The Impacts of COVID-19 on Personal Injury Law in Ontario

Edited by Admin
The Impacts of COVID-19 on Personal Injury Law in Ontario
The Impacts of COVID-19 on Personal Injury Law 
The COVID-19 pandemic has impacted every aspect of our lives, with effects felt in nearly every corner of the globe. In Canada, children’s schooling has been interrupted, forced to comply with social distancing measures, or moved to virtual spaces; businesses have closed, temporarily or permanently; many of us have lost jobs or have gotten accustomed to working from home. At the outset of the lockdown in Ontario in mid-March of 2020, many pending court actions were postponed. Court buildings were closed , and mediations, pre-trials, trials, arbitrations, and other activities were cancelled.
Cases move slowly through the courts in ordinary times, and for personal injury clients, this seemed to be particularly bad news. Many victims were counting on receiving compensation for injuries suffered in motor vehicle collisions, slip-and-falls, and other accidents, and most times those with serious injuries experience financial hardship due to being unable to work. So when litigation was halted, things seemed bleak for people pursuing personal injury claims. 

Working in Cyberspace
However, this has not necessarily been the case. One “silver lining” of the lockdown was that lawyers’ calendars suddenly became free, all over the province! In Ontario, more than 90% of personal injury cases are settled before they get to trial, so with lawyers connecting via Zoom and other electronic meeting platforms, they were able to make progress on case files, including moving to discovery, and mediation more quickly. Some law practitioners are even finding that the use of Zoom and other platforms is helping them to work faster than before: because there’s a lot more flexibility with regard to timing, meetings can be scheduled for longer periods of time, allowing files to be wrapped up sooner than they might have been, pre-pandemic.

Zoom is also useful for meeting with personal injury clients, who may still be recovering from their injuries and/or in hospitals or rehabilitation facilities. Neither party has to travel in order to have a meeting, and if the client is easily fatigued, a number of shorter meetings can be scheduled, rather than one longer session.  (do we need to discuss the negatives? – I would just leave this out)

Updating Court Technology

Unfortunately, There are some obstacles built into Ontario’s system; over recent decades, provincial courts failed to embrace new technologies. Pre-COVID, many documents were required to be submitted in person, paper copies only. Lawyers were not allowed to use e-mail, video conferences, or other technologies for various tasks. This adherence to tradition wasted a significant amount of time, resources, and money on the part of law firms, litigants, and court staff.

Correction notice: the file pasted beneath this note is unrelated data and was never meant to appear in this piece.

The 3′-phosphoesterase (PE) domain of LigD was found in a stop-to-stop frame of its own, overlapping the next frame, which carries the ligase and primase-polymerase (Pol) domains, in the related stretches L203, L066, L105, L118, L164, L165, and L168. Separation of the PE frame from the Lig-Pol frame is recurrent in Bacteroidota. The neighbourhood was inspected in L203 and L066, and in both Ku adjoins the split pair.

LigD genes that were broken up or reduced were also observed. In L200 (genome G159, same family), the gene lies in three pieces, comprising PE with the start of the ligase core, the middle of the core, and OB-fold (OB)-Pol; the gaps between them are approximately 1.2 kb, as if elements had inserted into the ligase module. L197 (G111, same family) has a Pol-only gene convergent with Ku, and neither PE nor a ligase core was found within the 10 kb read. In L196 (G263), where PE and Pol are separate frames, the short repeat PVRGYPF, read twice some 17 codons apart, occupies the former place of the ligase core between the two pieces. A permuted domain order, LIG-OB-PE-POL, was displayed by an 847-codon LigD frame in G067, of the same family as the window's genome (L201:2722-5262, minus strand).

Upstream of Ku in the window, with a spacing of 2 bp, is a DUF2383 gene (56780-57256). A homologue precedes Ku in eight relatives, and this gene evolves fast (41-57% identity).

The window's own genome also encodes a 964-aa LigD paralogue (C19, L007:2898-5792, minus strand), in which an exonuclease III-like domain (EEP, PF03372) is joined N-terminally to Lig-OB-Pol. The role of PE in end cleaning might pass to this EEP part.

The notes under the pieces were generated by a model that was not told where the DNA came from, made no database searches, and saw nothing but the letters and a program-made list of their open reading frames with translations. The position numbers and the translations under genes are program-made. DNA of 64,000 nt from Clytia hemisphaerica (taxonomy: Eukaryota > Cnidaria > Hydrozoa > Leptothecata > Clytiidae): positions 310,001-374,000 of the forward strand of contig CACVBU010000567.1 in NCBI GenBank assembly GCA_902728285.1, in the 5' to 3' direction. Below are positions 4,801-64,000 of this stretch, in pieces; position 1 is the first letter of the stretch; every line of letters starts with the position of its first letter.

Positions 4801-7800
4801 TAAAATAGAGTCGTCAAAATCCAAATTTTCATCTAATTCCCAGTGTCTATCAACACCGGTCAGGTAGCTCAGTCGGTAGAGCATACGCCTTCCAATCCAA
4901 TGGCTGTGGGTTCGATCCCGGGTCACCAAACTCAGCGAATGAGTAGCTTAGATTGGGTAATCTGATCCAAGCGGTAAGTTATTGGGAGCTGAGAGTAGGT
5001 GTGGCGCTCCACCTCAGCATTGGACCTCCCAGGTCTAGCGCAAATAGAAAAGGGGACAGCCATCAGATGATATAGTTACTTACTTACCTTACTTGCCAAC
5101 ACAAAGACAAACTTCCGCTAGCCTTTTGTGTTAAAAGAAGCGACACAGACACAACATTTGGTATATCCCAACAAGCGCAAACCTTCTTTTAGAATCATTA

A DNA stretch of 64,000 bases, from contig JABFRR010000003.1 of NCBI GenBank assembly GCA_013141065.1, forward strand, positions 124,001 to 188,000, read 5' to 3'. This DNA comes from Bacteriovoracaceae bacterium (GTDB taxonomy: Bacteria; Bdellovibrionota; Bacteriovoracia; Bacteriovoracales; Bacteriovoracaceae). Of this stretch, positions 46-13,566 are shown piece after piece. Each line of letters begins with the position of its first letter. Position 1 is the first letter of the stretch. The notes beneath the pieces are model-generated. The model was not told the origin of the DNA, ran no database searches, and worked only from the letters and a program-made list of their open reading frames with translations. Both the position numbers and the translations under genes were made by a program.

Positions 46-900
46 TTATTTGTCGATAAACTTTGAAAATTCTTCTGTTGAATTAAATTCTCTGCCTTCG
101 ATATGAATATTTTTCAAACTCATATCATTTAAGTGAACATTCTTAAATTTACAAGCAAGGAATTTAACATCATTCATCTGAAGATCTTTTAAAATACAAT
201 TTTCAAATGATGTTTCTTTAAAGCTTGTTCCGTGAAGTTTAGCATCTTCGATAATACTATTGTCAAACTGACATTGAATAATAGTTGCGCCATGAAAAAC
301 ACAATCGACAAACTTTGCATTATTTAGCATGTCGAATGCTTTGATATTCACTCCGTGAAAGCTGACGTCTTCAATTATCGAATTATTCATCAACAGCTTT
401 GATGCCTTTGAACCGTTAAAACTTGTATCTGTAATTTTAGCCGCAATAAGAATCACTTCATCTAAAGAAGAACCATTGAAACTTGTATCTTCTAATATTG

However, the government is taking steps toward remedying this situation. Attorney General Doug Downey recently issued a news release that states, “Throughout the COVID-19 emergency and recovery, we have worked with our partners to move Ontario’s justice system forward by decades in a matter of months through game-changing modernization initiatives.” 

These changes include the following:
•An expansion of the Justice Services Online platform, which allows parties and their counsel to electronically file over 400 kinds of civil and family court documents;
•CaseLines, a cloud-based document sharing and e-hearing platform through which parties and their counsel can share filed court documents. (Currently being piloted for certain civil matters in Toronto);
•The court case lookup online tool, which makes it easier for individuals to search for information on cases;
•The online jury pre-screening and check-in tool, which will enable potential jurors to avoid spending more time in the courthouse prior to jury selection; and
Zoom platform conferencing will be used for certain remote proceedings before the Ontario Court of Justice and the Superior Court of Justice.

Meeting with a Personal Injury Lawyer
If you have been in an accident, consult with a personal injury lawyer as soon as possible. In most instances, you must file a personal injury claim within two years from the date of the accident. Obviously, the sooner the process is set in motion, the better.
A good personal injury law firm help you to explore your options, and will fight to get you the compensation you deserve. An initial meeting with a personal injury lawyer in Ontario is free, and these professionals work on a contingency basis, which means that they will not charge up-front hourly fees; instead, they will collect a percentage of any settlement monies that you receive. These lawyers are knowledgeable about the law, the insurance system, and the medical system, and they can advise you about your case.
They’ll help you to file a claim, to negotiate a settlement, and if necessary, to move to litigation.